Are different Risk Factors Associated with Moderate and Severe Stalking Violence? Examining Factors From the Integrated Theoretical Model of Stalking Violence
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This study investigated risk factors from the integrated theoretical model of stalking violence (ITMSV) with 703 participants classified as relational stalkers from South-East Queensland (Australia). Participants completed a self-report perpetration questionnaire assessing (a) relational stalking, (b) stalking violence (no/moderate/severe), and (c) predisposing (sociocultural, psychological, historical) and contextual (intentions, triggering events, disinhibitors) risk factors. Findings supported key propositions from the ITMSV. Severely violent stalkers were characterized by a greater number, and more severe types, of predisposing factors than moderately violent or nonviolent stalkers. The importance of contextual factors was supported in relation to moderate and severe stalking violence. Combining predisposing and contextual factors resulted in strong predictions of moderate and severe stalking violence. These findings highlight the pertinence of differentiating moderate and severe stalking violence and combining predisposing and contextual factors in assessments of risk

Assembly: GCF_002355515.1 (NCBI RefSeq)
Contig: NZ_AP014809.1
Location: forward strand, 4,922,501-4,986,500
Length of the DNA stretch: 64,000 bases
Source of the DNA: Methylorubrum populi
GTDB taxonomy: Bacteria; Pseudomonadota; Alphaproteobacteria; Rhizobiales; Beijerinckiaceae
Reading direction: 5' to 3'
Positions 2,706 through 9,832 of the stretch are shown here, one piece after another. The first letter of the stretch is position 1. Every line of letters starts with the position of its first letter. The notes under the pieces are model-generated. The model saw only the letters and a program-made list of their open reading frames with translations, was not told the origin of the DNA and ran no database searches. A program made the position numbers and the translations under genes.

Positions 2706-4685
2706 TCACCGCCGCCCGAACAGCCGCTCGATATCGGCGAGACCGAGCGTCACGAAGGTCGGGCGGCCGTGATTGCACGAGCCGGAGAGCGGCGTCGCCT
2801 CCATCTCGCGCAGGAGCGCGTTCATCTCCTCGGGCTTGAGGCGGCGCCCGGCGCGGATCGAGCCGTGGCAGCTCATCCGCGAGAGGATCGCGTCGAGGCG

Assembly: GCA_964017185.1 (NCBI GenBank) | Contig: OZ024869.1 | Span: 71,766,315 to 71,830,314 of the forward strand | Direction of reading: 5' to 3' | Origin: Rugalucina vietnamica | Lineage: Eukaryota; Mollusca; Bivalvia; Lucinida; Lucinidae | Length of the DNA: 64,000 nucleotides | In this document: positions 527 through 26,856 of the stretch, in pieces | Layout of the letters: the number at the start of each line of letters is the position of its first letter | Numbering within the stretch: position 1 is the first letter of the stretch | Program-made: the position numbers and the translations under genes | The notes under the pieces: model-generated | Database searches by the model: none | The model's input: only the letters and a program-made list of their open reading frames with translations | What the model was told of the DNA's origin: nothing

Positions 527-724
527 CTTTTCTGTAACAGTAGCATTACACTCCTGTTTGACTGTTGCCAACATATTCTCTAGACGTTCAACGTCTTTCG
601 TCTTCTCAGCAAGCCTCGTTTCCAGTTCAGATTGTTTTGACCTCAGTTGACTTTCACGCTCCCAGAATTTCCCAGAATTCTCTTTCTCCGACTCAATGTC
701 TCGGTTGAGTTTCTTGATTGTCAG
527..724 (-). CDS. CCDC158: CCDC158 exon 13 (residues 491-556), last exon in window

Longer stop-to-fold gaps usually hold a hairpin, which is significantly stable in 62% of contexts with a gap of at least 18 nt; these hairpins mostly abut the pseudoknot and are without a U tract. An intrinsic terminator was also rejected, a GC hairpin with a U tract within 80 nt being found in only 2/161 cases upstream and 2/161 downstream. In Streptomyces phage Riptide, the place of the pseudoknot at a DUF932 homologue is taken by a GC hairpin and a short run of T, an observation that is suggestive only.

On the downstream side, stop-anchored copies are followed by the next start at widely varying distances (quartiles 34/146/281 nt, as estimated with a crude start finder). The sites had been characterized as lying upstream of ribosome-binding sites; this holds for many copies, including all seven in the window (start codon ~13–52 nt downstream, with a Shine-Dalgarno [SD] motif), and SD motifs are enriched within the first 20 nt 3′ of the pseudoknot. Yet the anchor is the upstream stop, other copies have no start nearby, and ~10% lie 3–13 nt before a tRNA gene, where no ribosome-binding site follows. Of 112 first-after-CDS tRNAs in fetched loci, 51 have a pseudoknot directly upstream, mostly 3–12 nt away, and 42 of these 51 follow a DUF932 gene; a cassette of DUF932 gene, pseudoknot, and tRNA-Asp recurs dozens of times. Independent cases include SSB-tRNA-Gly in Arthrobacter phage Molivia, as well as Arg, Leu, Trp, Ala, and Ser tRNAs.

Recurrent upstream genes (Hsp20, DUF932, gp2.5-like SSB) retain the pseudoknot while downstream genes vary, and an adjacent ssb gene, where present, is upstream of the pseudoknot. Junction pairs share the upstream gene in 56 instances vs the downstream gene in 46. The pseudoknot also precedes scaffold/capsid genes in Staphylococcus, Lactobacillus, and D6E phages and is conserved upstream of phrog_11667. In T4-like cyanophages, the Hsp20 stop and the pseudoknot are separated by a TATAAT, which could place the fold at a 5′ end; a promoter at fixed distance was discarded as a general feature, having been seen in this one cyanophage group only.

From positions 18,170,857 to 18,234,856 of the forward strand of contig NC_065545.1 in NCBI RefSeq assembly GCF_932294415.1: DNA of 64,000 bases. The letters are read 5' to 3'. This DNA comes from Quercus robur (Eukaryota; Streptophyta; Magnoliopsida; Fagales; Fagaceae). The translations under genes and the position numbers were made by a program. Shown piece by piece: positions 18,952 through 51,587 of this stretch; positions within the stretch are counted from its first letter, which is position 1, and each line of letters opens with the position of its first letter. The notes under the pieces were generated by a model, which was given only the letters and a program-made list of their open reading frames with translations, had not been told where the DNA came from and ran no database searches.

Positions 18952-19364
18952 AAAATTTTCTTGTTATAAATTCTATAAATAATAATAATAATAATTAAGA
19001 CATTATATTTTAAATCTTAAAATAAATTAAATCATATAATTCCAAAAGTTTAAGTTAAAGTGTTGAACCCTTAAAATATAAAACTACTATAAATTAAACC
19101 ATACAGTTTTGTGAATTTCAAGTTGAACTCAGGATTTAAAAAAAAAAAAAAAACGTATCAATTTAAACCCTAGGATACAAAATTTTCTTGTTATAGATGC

Criminal Justice and Behavior
© 2013 International Association for Correctional and Forensic Psychology. This is the author-manuscript version of the paper. Reproduced in accordance with the copyright policy of the publisher. Please refer to the journal's website for access to the definitive, published version.
Causes and Prevention of Crime